That this may farther appear, let it be considered, that the punishment due to actual sin, or the corruption of nature increased thereby, is attended with accusations of conscience, inasmuch as the guilt, that is contracted by it, arises from the opposition of the will to God; and the alienation of the affections from him, is oftentimes attended with rebellion, against a great degree of light, and many other aggravations, taken from the engagements which we are under to the contrary, and is persisted in with obstinacy, against all those checks of conscience, and means used to prevent it; and, in proportion to the degree thereof, they, who contract this guilt, are said, as our Saviour speaks of the scribes and Pharisees, to be liable to the greater damnation, Matt. xxiii. 14. and the prophet Jeremiah speaks of some of the greatest opposers of his message, as those who should be destroyed with double destruction, Jer. xvii. 18. This is certainly a greater degree of punishment, than that which is due to original sin, as such; and, with respect to these, there are oftentimes many sad instances of the wrath of God breaking in upon the conscience, as he says by the Psalmist, that he would reprove them, and set their iniquities in order before their eyes, Psal. l. 21. and what our Saviour says elsewhere, concerning the worm that dieth not, Mark ix. 44. is to be applied to them. But this punishment does not belong to those who have no other guilt, but that of Adam's sin, imputed to them.

If this can be made appear, as, I hope, we shall be able to do, it may have a tendency to remove some prejudices, which many entertain against the doctrine of original sin, who express themselves with such an air of insult, as though they were opposing a doctrine which is contrary to the dictates of human

See Aug. contra Julianum, Lib. V. cap. 8. Ego non dico, parvulos sine baptismo Christi morientes tanta pæna esse plectendos; ut eis non nasci potius expediret. Et ejusd. de peccat. merit. & remsis. Lib. I. cap. 16. Potest proinde recte dici, parvulos aine baptismo de corpore exeuntes, in damnatione omnium mitissima futuros.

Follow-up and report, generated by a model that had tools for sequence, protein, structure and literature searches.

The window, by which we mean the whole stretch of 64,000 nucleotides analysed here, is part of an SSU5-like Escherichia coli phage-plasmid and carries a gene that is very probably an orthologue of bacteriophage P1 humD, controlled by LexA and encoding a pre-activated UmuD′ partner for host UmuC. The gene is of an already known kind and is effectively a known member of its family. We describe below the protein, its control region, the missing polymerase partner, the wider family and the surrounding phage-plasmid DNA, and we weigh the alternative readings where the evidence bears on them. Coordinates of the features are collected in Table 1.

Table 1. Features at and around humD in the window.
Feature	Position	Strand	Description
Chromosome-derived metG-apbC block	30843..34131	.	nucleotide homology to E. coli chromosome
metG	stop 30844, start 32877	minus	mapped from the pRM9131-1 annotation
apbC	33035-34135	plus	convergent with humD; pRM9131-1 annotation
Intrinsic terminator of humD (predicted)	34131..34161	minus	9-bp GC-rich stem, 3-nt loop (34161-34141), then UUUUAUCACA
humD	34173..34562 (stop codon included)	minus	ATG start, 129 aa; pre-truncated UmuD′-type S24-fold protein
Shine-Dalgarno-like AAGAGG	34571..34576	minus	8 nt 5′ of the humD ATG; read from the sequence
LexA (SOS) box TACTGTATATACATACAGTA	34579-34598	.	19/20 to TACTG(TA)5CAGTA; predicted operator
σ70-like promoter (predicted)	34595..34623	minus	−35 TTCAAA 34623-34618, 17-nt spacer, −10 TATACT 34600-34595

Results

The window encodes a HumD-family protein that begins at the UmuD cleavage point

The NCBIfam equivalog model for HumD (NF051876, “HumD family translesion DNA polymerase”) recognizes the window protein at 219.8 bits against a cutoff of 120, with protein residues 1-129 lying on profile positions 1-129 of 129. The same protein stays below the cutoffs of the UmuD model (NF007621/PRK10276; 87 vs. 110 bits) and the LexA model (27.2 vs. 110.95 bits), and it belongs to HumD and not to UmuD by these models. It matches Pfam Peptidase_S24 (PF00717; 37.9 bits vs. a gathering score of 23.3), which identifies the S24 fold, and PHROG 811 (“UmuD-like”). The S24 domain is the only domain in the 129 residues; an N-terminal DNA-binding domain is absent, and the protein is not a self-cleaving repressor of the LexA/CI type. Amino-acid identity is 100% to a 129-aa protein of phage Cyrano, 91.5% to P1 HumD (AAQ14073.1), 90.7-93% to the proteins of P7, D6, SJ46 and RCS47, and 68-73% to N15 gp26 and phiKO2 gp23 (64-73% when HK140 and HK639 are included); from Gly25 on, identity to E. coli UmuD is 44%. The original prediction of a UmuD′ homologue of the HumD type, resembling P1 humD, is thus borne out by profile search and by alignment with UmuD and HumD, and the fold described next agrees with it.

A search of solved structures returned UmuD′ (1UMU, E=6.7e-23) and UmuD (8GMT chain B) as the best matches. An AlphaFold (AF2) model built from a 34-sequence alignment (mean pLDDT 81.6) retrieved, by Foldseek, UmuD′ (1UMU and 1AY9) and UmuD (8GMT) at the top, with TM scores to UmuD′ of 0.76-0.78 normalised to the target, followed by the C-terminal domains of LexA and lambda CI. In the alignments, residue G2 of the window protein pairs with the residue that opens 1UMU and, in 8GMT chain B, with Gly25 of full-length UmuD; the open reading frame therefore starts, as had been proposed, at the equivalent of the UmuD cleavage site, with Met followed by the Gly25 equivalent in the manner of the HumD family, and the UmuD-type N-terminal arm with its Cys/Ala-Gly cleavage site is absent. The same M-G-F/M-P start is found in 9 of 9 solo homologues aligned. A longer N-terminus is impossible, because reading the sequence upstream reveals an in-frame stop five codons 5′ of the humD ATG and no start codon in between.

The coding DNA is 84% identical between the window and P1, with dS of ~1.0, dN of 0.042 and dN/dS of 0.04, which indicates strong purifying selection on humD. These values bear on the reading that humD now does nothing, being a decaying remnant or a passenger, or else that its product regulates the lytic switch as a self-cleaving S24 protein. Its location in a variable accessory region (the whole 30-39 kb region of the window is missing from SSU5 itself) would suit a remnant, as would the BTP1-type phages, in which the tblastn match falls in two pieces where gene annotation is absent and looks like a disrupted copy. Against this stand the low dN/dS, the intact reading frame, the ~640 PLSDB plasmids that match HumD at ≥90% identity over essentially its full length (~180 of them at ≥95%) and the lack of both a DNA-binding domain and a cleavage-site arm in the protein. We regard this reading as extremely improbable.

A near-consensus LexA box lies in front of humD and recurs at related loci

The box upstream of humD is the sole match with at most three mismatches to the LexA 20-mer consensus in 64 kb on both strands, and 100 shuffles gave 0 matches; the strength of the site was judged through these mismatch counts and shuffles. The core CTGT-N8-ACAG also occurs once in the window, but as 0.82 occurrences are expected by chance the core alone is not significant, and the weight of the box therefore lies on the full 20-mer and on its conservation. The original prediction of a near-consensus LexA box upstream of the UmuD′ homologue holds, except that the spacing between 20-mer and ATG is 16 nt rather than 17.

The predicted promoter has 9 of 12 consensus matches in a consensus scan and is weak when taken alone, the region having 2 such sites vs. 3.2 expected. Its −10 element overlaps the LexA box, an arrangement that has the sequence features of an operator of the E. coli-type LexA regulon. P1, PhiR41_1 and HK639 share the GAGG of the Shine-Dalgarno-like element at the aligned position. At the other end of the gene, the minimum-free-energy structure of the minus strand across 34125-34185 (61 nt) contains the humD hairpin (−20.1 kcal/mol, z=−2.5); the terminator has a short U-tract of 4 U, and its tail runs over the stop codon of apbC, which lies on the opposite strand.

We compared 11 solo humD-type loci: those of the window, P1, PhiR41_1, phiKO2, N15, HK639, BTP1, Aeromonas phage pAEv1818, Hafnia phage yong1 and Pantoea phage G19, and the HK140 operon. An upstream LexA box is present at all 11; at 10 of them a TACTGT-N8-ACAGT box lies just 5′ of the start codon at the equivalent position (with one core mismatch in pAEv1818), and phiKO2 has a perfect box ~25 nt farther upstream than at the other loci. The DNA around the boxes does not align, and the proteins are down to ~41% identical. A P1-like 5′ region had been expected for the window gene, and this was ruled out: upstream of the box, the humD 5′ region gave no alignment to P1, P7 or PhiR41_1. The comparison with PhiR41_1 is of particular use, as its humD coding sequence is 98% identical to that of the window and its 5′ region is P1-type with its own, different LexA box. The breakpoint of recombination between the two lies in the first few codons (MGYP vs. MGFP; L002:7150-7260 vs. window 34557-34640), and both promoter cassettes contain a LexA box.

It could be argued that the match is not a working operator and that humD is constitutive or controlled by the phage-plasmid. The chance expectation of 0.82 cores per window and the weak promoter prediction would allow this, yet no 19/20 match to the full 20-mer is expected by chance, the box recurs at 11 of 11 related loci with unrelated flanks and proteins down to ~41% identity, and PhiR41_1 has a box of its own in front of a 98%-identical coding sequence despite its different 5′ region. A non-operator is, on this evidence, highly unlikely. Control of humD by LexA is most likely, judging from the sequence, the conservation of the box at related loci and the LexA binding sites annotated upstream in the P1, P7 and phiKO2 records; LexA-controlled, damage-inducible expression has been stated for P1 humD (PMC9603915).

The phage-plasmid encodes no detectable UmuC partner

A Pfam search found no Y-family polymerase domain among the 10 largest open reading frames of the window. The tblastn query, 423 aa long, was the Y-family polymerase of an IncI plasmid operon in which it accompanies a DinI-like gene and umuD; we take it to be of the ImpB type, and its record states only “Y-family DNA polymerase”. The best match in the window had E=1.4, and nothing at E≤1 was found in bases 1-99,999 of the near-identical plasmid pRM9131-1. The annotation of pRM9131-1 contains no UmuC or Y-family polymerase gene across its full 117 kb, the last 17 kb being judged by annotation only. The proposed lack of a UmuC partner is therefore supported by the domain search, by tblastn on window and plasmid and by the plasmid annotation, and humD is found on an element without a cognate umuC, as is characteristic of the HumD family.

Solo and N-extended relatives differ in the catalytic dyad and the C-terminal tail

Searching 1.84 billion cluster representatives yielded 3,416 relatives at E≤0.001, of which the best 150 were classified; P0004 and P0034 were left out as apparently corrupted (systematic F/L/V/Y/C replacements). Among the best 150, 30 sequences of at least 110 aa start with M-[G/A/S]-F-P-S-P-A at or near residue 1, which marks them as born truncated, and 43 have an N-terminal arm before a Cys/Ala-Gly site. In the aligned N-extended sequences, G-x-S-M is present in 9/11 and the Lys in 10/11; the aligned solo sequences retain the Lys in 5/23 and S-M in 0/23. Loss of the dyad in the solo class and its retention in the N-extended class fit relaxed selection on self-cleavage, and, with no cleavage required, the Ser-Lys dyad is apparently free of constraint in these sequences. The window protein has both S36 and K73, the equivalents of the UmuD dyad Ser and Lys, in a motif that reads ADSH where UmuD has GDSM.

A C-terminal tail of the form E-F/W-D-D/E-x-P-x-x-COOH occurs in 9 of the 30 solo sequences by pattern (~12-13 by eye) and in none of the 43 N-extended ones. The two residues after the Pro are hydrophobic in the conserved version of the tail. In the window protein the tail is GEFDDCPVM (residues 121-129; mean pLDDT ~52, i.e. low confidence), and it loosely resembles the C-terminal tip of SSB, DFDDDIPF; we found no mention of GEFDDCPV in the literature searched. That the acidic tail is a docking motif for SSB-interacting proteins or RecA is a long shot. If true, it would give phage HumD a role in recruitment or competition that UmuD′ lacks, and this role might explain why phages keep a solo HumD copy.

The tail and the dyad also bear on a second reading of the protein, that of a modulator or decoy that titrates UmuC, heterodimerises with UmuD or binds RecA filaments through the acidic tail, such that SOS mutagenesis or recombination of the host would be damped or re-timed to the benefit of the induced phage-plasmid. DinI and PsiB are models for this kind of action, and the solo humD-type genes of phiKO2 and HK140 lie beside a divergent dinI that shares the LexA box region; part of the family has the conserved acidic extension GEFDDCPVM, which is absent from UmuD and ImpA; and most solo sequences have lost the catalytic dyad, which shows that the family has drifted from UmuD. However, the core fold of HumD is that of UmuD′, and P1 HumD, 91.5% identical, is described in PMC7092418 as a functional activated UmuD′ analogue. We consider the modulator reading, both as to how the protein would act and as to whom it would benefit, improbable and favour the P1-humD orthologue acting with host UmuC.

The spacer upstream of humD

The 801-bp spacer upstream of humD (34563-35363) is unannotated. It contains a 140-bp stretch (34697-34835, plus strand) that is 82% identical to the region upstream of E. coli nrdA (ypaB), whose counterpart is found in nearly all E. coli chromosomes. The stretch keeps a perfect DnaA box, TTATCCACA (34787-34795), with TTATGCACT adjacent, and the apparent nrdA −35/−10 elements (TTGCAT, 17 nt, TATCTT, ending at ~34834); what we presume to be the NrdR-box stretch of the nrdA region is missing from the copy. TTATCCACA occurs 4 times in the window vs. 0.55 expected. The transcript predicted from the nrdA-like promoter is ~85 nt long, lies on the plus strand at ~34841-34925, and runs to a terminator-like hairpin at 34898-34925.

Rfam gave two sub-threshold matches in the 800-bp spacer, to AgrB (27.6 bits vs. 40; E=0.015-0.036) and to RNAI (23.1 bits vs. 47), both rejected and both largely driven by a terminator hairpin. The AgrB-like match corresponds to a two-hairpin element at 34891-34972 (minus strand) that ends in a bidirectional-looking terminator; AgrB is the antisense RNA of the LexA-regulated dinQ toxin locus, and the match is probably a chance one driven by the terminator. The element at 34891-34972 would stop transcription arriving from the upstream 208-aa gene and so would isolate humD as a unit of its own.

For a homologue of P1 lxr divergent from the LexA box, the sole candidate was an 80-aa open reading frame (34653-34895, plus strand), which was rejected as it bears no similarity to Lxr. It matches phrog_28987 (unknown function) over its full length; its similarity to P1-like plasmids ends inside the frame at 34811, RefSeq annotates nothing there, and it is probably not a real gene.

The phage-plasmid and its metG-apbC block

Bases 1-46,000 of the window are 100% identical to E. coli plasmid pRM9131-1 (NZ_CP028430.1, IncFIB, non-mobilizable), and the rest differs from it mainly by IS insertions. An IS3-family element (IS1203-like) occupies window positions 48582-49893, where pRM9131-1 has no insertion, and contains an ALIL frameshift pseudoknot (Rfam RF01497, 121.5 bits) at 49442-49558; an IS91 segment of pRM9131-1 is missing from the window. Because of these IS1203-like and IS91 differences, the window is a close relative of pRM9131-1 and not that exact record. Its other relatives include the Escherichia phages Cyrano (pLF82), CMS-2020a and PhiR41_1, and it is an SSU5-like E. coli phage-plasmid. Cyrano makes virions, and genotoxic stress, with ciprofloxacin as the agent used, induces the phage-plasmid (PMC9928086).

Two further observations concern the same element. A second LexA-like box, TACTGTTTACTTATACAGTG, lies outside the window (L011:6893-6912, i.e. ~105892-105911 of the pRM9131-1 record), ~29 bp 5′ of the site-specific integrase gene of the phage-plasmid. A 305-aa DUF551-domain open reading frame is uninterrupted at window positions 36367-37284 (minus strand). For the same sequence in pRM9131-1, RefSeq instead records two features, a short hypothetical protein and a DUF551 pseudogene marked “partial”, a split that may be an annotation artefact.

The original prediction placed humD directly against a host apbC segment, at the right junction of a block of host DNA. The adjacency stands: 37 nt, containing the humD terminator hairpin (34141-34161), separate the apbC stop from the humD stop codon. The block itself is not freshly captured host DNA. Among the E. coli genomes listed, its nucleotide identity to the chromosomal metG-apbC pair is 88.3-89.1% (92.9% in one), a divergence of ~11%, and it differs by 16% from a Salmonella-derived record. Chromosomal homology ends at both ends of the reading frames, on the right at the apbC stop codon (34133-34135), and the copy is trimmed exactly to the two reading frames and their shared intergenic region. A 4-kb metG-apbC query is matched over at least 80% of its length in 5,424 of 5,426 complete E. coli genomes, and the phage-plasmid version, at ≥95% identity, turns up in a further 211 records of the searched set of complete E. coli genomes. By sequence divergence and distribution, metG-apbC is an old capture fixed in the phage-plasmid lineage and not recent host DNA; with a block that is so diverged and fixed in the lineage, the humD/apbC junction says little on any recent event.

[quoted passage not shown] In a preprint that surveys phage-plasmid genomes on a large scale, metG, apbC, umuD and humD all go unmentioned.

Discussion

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nature, as well as represents God, as exercising the greatest severity against those who are chargeable with no other sin than this; and they generally lay hold on some unwary expressions, contributing very little to the defence of this doctrine, which might as well have been spared; for they are no less exceptionable, though prefaced with an apology, for the want of pity, which such like unguarded expressions seem to contain in them, when they say, that their milder thoughts, concerning this matter, will do those infants, who are tormented in hell, no good, as their severer ones can do them no prejudice. We may therefore be allowed to make a farther enquiry into this matter, especially when we consider, that those, who die in infancy, will appear, at the last day, to have been a very considerable part of mankind. And some tender parents have had a due concern of spirit about their future state, and would be very glad, were it possible for them, to have some hopes concerning the happiness thereof.

Various have been the conjectures of divines about it. The Pelagians, and those who verge towards their scheme, have concluded, that they are all saved, as supposing that they are innocent, and not, in the least concerned in Adam's sin: but this is to set aside the doctrine we are maintaining; and therefore, I cannot think their reasoning, in this respect very conclusive.